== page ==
The little cart had disappeared from sight, but I could feel Oreo's nervousness under me. He knew it was somewhere close by. I could see my friend had control of his horse, again and was waiting for me. He was with the man who had been driving the little cart. They were talking together when I joined them.

The man looked at Oreo's bridle and suggested I find another bit for him, perhaps something with sweet iron in it. I had to agree. I'd already planned to address the situation when we got back home to Phoenix.

I later found out, big horses are sometimes terrified of little horses. I guess Oreo was one of those big horses. When my friend and I got back to camp we told the story and everyone had a good laugh. No one believed Oreo could have that much stamina. In truth, Oreo always seemed to be one of those lazy laid back type of horse that never balked, jumped sideways, or spooked at anything. He had this Eyore attitude most of the time.

Needless to say, when the weekend came to a close, Oreo came home to Phoenix with us. I was afraid if he'd balked with me he'd do it with someone else, and I didn't want anyone hurt, especially since I was more than a hundred miles away.

That year and the next Oreo and I went on three other trips. Two trips to Wickenburg, and another camping trip to Forest Lakes. The two trips to Wickenburg, Oreo dumped his rider into the sand of the Hassayampa River bed. Fortunately no one was hurt and everyone laughed at his antics. Oreo wasn't the only horse on either of those rides who decided to have a roll in the sand rider, saddle, and all. On the last trip to Forest Lakes, Oreo's rider took him into the water to let him drink after a particularly long fast ride. Oreo did drink, then began to paw the water, a sure sign he was going to splash himself. None of us said anything to warn the rider and we waited....sure enough he did splash himself and his rider right into the cold water. Poor rider...he swore he'd never get on another horse after that. He walked back to camp instead of riding Oreo back.

Oreo had his moments when he surprised all of us. I'm so glad to have had him in my life. I'm so glad he came into my Mum's life, too. I sold Oreo to a friend in 2002, who has given him a good home and good life. At nearly 25 years old, he's 'King of the Barn and Pastures' where he lives with his mule friends and is retired.

A tiny village

The normal sounds of the tiny fishing village are muffled by thick fog obscuring the views of the harbor, bluffs, and beach's along the coastline of Massachusetts this late August morning. Even with the thick fog, the bell buoy's and foghorn buoy's can be heard warning mariners away from the rocky shoals below where Bluff Light stands silently flashing it's message into the gloom.


The old light has recently been awareded historical significance and been refurbished with new 'state of the art' electronic technology, given a coat of paint and stands as majestically as it has for more than a century. The tiny outbuildings serve the light keeper well. They were sturdily built and have weathered storms as long as the light has. Every few years a new light keeper takes up residence to maintian the light as it warns sailors away from the rocky shoals below.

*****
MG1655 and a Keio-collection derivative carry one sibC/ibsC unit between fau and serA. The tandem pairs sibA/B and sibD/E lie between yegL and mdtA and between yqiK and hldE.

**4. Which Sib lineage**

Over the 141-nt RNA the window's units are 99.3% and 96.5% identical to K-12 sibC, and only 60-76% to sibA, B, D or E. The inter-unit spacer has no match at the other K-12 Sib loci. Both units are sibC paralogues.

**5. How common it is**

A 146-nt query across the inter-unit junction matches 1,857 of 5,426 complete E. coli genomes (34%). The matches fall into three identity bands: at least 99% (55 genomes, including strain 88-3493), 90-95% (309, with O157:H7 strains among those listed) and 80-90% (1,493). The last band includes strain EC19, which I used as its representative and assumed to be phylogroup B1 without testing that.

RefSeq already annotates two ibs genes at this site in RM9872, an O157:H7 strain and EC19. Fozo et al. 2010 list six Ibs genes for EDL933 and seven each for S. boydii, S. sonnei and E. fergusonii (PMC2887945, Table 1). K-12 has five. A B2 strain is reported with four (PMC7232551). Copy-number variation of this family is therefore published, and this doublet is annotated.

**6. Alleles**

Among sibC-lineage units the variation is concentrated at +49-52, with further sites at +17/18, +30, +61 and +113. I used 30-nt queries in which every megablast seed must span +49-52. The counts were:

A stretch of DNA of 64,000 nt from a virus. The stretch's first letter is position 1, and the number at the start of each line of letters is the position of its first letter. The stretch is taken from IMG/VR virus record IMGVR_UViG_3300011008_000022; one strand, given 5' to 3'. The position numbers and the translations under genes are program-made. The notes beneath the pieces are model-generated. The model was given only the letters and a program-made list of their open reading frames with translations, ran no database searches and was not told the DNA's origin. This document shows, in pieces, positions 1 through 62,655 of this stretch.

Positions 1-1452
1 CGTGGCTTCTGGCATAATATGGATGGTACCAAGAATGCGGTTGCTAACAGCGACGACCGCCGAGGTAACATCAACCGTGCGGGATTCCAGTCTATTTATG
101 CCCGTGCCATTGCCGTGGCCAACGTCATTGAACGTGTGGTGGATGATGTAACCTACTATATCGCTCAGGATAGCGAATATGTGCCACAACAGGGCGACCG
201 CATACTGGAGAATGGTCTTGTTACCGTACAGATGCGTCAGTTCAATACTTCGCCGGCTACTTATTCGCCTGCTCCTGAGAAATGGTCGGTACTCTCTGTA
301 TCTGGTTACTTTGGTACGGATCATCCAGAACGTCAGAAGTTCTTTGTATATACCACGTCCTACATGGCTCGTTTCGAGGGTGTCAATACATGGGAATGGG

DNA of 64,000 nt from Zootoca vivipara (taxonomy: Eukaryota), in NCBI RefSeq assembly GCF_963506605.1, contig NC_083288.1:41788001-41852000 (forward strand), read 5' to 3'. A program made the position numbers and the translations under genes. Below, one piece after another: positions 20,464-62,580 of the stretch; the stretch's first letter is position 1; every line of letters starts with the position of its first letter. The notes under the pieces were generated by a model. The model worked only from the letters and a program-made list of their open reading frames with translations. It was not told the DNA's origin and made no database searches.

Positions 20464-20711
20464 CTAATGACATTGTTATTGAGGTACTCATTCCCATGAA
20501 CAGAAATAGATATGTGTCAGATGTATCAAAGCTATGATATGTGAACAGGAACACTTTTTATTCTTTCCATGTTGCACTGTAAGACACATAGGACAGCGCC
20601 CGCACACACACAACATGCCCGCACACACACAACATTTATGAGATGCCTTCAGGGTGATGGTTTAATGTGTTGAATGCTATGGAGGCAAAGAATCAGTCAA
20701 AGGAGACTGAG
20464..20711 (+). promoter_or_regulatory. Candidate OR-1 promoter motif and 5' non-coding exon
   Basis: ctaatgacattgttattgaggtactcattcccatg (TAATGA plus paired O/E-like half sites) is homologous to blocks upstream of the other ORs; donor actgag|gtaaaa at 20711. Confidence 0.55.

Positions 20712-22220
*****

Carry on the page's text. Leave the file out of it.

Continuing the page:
The freshening easterly breeze slaps rigging on sailboat masts moored across the bay in the inlet at the Yacht Club. Soon the boats will be gone. local fishing boats will be pulled from thewater into dry docks for winter storage and repairs. Pleasure boats will also be pulled into storage or sailed south by their experienced captian's and crews to the warmer climes of the Carolina's, Georgia, or Florida.


Along this coastal area only a few weeks of idyllic weather remains. Tourists will still come after Labor Day, but not in the droves as they have since mid-May. They will trickle through until the middle of October. By late September, most of the tourists will turn their attentions to the fall foliage and make their day trips to the western part of Massachusetts, into Maine, New Hampshire, and Vermont for the brilliant annual fall colors. the constant hum of traffic across theBourne Bridge willslow and become barely discernable to the natives who stay the winter months. The bridge links the mainland.


The gloom brightened and the fog thinned as dawn came. I can imagine, though I cannot see yet, fishermen tossing old bait over the sides of their stout little boats as they chug toward open water and another day of hard work. The gulls fly in from every known direction. Who knows where they roost at night. They circle the boats screaming and fighting for every morsel thrown over the side as they follow the boats to sea.


As the season ends, the hardy locals will bank their seasonal fortunes and begin the rigorous job of boarding up businesses, the summer homes of the affluent, and battening down for the long winter months. Fishermen will spend the long winter days, though daylight shortened, repairing traps, building new ones to replace those lost at sea during the season, and repairing nets and trawl lines. Their boats will be repaired, refurbished and painted. Safety equipment will be repaired, new installed and tested. The Coast Guard will inspect every vessel certifying it safe to work the waters the next season.